A special needs trust can be an important form of protection for someone in your family who won’t be capable of providing for themselves independently after you die. Some parents create special needs trusts to promote independent living for their adult children with special needs.
If you need to create a special needs trust, one of the most important decisions you will make, other than how to structure and fund it, will be whom you name as trustee. The person serving as trustee will have the obligation of managing the assets in the trust and can be an important support to the beneficiary when you cannot be.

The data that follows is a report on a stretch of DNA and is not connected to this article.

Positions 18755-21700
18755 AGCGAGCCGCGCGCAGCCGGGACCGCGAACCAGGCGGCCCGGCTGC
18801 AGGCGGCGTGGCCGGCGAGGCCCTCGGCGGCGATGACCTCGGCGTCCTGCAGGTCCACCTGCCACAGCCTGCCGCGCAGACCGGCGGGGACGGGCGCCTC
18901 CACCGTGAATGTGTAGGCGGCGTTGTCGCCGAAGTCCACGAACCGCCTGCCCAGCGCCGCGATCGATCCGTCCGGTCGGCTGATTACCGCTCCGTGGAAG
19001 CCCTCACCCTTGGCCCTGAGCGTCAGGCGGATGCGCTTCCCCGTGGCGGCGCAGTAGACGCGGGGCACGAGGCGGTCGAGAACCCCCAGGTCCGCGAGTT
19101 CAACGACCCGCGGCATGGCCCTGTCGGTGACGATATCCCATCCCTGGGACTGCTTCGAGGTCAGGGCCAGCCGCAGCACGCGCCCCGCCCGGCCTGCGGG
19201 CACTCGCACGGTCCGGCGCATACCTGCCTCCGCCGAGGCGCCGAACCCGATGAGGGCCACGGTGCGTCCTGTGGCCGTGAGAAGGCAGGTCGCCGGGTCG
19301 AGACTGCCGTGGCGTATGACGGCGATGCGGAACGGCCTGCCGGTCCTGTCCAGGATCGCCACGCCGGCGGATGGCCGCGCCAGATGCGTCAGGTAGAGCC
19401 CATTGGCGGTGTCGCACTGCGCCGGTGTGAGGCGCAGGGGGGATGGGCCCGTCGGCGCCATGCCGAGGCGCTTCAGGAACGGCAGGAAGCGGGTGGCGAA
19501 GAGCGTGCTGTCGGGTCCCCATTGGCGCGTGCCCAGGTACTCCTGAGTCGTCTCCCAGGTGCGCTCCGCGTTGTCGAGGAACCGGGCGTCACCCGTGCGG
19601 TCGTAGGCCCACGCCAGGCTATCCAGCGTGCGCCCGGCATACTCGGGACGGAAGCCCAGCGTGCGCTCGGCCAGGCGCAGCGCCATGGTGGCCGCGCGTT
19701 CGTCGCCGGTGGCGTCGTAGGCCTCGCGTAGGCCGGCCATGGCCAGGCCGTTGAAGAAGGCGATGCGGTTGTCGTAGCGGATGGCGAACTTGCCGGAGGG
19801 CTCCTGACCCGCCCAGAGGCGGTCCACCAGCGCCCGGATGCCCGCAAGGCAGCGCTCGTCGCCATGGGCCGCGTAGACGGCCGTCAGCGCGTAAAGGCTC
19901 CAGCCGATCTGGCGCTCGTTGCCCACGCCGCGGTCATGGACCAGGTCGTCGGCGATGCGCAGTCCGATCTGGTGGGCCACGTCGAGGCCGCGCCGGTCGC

Age, relationship and responsibilities are all critical factors
In some cases, the best option for the trustee of a special needs trust may be a sibling of a child with special needs who is capable of handling the trust when the parents can no longer do so. However, siblings could potentially harbor some jealousy or resentment over the amount of attention the child with special needs received earlier in life. This could mean there’s a risk for emotional or financial abuse.
Looking at the relationship someone has with your child is an important part of deciding whether or not to name as trustee. Choosing someone who is young enough to likely be able to maintain that role for at least a few decades is also important. Finally, selecting someone capable of putting your child’s needs first is of the utmost importance, as some people might mismanage or even embezzle funds from a trust. With the right trustee(s), your special needs trust can go a long way toward protecting your child.